## probability

In March 2011 a highly respected psychology journal published a paper claiming to provide evidence for extra-sensory perception (ESP). The claim was based largely on the results of a very common statistical procedure called significance testing. The experiments provide an excellent way into looking at how significance testing works and at what's problematic about it.

Probabilities and statistics: they are everywhere, but they are hard to understand and can be counter-intuitive. So what's the best way of communicating them to an audience that doesn't have the time, desire, or background to get stuck into the numbers? This article explores modern visualisation techniques and finds that the right picture really can be worth a thousand words.

As the Wimbledon 2011 Championships hove into view, memories will be reawakened of the match of epic proportions that took place last year between the American John Isner and the Frenchman Nicolas Mahut. So just how freaky was their titanic fifth set and what odds might a bookmaker offer for a repeat?

Insurance companies offer protection against rare but catastrophic events like hurricanes or earthquakes. But how do they work out the financial risks associated to these disasters? Shane Latchman investigates.

In this article we present a set of unusual dice and a two-player game in which you will always have the advantage. You can even teach your opponent how the game works, yet still win again! We'll also look at a new game for three players in which you can potentially beat both opponents — at the same time!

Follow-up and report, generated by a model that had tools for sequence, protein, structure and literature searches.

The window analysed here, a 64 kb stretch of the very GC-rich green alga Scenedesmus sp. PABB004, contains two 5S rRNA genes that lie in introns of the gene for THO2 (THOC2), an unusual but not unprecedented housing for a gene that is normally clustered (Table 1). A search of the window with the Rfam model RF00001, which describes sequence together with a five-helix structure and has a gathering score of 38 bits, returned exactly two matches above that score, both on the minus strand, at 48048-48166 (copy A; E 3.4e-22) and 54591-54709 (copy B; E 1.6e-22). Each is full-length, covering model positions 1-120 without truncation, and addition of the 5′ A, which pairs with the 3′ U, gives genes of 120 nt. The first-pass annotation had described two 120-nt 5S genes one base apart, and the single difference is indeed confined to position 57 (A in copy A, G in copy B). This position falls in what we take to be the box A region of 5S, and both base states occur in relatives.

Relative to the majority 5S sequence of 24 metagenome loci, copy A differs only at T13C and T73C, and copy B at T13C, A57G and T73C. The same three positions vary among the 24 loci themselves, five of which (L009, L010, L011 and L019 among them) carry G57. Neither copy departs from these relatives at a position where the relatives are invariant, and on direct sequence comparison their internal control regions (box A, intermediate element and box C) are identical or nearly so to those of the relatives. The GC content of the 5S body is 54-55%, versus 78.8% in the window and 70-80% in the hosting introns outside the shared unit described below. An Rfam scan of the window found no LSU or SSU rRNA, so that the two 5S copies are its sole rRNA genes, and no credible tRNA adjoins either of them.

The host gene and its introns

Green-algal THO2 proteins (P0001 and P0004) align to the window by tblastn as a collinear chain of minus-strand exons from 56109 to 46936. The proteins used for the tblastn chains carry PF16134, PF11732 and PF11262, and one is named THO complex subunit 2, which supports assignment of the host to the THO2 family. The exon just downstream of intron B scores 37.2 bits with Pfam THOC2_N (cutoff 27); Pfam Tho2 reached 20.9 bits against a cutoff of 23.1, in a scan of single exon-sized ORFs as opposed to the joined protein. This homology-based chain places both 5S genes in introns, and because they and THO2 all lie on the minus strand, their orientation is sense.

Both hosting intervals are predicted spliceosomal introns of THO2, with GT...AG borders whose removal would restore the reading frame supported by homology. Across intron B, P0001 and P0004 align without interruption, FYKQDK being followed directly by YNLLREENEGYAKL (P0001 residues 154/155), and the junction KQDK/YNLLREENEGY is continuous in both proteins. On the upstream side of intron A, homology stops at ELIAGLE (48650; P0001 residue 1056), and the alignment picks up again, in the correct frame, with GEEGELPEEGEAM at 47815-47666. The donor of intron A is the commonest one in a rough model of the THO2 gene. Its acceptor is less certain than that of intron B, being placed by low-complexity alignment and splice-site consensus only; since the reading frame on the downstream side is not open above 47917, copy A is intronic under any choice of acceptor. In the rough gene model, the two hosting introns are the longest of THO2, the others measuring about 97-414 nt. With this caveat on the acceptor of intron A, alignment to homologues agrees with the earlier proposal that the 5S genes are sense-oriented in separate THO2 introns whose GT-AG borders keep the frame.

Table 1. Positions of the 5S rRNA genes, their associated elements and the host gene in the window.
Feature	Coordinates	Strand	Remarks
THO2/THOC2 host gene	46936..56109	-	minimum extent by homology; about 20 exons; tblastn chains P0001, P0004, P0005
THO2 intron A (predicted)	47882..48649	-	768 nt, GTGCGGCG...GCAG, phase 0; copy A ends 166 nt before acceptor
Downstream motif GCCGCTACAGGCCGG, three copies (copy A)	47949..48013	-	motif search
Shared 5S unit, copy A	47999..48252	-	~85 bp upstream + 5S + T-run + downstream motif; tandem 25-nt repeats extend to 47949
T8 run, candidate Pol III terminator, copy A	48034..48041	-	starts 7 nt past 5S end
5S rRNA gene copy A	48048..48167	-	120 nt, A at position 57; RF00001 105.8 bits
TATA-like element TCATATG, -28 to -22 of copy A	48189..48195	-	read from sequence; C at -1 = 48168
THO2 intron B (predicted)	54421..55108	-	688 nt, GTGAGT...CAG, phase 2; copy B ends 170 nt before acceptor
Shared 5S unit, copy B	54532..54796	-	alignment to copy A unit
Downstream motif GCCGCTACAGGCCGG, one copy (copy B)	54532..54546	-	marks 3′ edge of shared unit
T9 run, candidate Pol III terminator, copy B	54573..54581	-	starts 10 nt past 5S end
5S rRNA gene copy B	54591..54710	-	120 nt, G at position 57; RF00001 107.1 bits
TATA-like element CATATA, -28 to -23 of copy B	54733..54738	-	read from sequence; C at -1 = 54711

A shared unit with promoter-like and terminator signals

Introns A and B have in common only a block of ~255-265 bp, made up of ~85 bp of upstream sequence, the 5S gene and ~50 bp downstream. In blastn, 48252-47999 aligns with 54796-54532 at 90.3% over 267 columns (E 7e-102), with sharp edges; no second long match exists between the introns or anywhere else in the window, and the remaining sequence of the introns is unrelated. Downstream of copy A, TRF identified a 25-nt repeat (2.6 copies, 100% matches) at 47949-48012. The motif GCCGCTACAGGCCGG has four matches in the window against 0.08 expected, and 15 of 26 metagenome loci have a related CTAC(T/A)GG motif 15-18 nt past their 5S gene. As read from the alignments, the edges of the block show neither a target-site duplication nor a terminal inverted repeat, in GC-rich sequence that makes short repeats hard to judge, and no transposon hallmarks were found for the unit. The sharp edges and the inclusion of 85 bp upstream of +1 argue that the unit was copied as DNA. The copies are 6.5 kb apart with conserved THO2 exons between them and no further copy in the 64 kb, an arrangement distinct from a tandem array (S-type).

England's performance in the World Cup last summer was thankfully overshadowed by the attention given to Paul the octopus, who was reported as making an unbroken series of correct predictions of match winners. David Spiegelhalter looks at Paul's performance in an attempt to answer the question that (briefly) gripped the world: was Paul psychic?

When you flip a coin we assume it has equal chance of coming up head or tails, so any coin flipping game should be a fair one. But Yutaka Nishiyama and Steve Humble can give you the winning advantage.
Tim Johnson was drawn into financial maths, not through an interest in finance, but because he was interested in making good decisions in the face of uncertainty. Tim explores the development of this interface between abstract mathematics and our everyday lives, and explains why a painting may only be worth its wall space.
The maths behind a curious ITV game show